all Employees discounted sales first are approved by the Manager.
Review & Reconciliation, always! Careful closing review
is imperative, on a daily basis the previous day’s receipts need
to be reconciled by two levels. The further time that elapses between
closing and review allows memories to get foggy, and makes corrective
I am Mr. Dishonest, reporting wrong deposit amounts, double redeemed
gift certificates, paying out credit card refunds that you know
nothing about. Without those C&B’s I am going to be doing this
the Manager must look for anomalies, verifying for all the treatments
that a Provider reports (you do have Provider reports, right?) they
have done, are indeed entered into the front desk system. Managers
can learn a lot of other important information besides bookkeeping
from this exercise, you may be surprised. All comps must be fully
understood and dealt with (see below), tips accounted for and split
according to your Spa/Salon policy and gift certificates sold and
redeemed reviewed. If a Manager lets a faulty closing go through
it is now their responsibility and this is where the corrective
action needs to take place first.
your Controller or Bookkeeper must review & reconcile, he/she
must tie cash drawer, deposits, credit card "Z" tapes,
gift certificates, discounts, comps, and then do this again when
the bank statement arrives to be sure you deposit slips etc. were
indeed what they were suppose to be. It is very important that the
loyalty of this person is to the Owner. Important that he/she feels
comfortable coming to the Owner when anomalies arise and a confidential
relationship develop. Likewise if the Controller lets discrepancies
slide they should be called on the carpet.
touched it last and passed it should be the person dealt with, never
accept the answer that someone else made the mistake, missing a
mistake is more egregious than making the mistake.
makes the deposits! I am a front desk closing person, I have
been instructed to make the "night deposit". It is around
the first of the month, I do not like my job, and I plan on leaving
your employment soon. I short the deposit bag by a few hundred everyday,
but I make a deposit slip copy (the yellow one) for the correct
amount and leave it with the closing report. A few days before the
end of the month I quit, you pay for a nice going away party for
me, and will not know for about 10 more days just how must I stole
the Owner to make the deposits but when that is not possible I recommend
that the Manager or Controller make the bank deposits. Caution,
a Manager or Controller could pull this same scam, but it is less
likely if this is their chosen professional career.
Detailed Comp Reports or Guest Incident Reports. For more than
just accounting reasons detailed comp reports should be required
before any comp or special discount is given. Indeed if a customer
was upset or concerned enough to say something to ANY employee,
even when not affecting receipts, a report should be made and Management
should review daily, and follow up. If not enough information was
given in the report the Manager should investigate, not in an accusing
way, but, in an information gathering way, so that the Client can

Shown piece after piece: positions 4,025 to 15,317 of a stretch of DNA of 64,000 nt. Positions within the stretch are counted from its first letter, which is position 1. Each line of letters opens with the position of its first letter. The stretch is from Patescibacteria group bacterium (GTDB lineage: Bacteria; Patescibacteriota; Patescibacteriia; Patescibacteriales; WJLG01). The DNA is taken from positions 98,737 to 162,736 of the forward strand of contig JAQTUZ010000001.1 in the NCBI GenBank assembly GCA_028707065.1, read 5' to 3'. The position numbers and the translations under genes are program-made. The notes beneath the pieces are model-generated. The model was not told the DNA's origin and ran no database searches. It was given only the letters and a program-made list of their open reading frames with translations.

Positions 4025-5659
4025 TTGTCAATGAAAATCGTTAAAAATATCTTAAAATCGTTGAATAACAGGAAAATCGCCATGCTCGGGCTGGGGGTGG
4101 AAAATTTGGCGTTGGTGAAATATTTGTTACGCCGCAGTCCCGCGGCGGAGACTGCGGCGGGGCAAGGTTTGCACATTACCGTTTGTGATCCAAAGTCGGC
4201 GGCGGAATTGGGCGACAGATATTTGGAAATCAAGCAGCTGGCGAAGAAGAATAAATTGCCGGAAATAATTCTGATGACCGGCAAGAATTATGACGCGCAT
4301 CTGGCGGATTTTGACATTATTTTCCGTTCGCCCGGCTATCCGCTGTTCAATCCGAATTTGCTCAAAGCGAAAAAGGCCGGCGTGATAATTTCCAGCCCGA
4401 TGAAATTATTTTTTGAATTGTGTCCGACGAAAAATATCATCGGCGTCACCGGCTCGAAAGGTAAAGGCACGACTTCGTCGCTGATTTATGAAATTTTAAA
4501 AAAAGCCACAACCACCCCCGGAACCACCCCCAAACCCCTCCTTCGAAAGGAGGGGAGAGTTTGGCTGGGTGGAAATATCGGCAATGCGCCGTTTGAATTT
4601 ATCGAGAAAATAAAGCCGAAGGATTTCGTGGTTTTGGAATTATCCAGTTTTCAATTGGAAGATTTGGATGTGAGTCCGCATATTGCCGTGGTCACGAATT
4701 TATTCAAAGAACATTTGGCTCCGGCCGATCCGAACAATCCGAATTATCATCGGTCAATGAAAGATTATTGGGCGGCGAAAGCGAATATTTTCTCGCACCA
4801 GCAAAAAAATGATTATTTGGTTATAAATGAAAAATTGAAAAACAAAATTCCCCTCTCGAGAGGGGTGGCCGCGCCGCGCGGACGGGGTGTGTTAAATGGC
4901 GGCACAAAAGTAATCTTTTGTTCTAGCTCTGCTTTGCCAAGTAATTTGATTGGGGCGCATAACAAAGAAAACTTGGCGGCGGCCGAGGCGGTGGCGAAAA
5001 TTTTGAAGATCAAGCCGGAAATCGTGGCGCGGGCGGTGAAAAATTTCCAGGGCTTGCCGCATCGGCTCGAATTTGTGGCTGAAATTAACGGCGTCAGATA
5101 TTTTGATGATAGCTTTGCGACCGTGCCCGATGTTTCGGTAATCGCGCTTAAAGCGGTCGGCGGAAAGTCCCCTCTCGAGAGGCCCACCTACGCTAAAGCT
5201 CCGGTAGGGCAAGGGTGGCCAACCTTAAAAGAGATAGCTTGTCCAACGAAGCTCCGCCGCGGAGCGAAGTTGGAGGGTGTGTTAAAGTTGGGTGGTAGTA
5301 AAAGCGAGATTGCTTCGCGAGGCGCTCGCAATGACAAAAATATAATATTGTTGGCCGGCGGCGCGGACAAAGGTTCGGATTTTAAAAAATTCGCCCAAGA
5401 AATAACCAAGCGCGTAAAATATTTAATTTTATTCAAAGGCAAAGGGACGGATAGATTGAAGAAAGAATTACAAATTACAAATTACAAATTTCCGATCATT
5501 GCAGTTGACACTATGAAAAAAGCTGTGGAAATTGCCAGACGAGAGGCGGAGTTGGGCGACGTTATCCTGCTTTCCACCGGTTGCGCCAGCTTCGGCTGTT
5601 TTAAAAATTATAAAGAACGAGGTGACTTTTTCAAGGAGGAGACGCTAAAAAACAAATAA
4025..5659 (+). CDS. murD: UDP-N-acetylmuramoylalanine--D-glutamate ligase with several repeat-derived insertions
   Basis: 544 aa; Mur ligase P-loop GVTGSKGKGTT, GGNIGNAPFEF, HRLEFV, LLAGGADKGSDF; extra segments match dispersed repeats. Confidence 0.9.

be contacted, corrective action be taken, or processes changed.
From an accounting point of view, the process of having to give
a detailed explanation, possible further actions or follow-ups being
made should be enough to keep comps legitimate.
with all the "Checks & Balances" in place, the opportunity
for fraud can still exist. The more C&B’s we have in place the
less temptation for our Employees and the more we show them how
little toleration we have for such theft. Still collusion between
two or more Employees can destroy even the best C&B systems;
there is no substitution for Vigilance.
replaces Owners involvement. The more time an Owner spends caring
about every transaction, every Client, every Employee, every treatment,
everything in his/her facility, the more tuned in they become, the
less chance for fraud, collusion, and theft. The more we care about
others well being, the more they will care about ours.
that while the direct loss of capital due to fraud can be significant,
but the collateral damage can be even more devastating. The loss
of customers, the corruption of the data and information you were
collecting, the disruption of the staff, rumor mills, the sense
of betrayal, legal matters, community reputation, etc. could each
take months to recover from.
I have consulted in this area I have found it enlightening to spend
at least 2 days doing nothing but observing the operation. Believe
me when you have nothing else to concentrate on for 16 plus hours
you can do a lot of fine tuning of your processes, and second-guessing
your Checks & Balances. This investment of time will pay for
itself many times over not only in the form of cash but also in
form of sleep at night. In order to curb the fraud we have to spend
some time thinking like that dishonest Employee long before any
Employee has the opportunity to think dishonestly.
that I have Owners completely paranoid, I must repeat that I believe
most Employees are honest and hardworking. Similar to the saying
"good fences makes good neighbors" I say, "tight
accounting makes honest Employees".
nature being what it is, under the right conditions, when confronted
with a temptation will sometimes (if not often) get the best of
any of us. Each time the fraud takes place it then becomes easier
for someone to fall prey the next time.
Owners we owe it to our Employees to:
if not eliminate the temptations
is an accounting flowchart that has worked well for me in the past,
I hope it is helpful to you.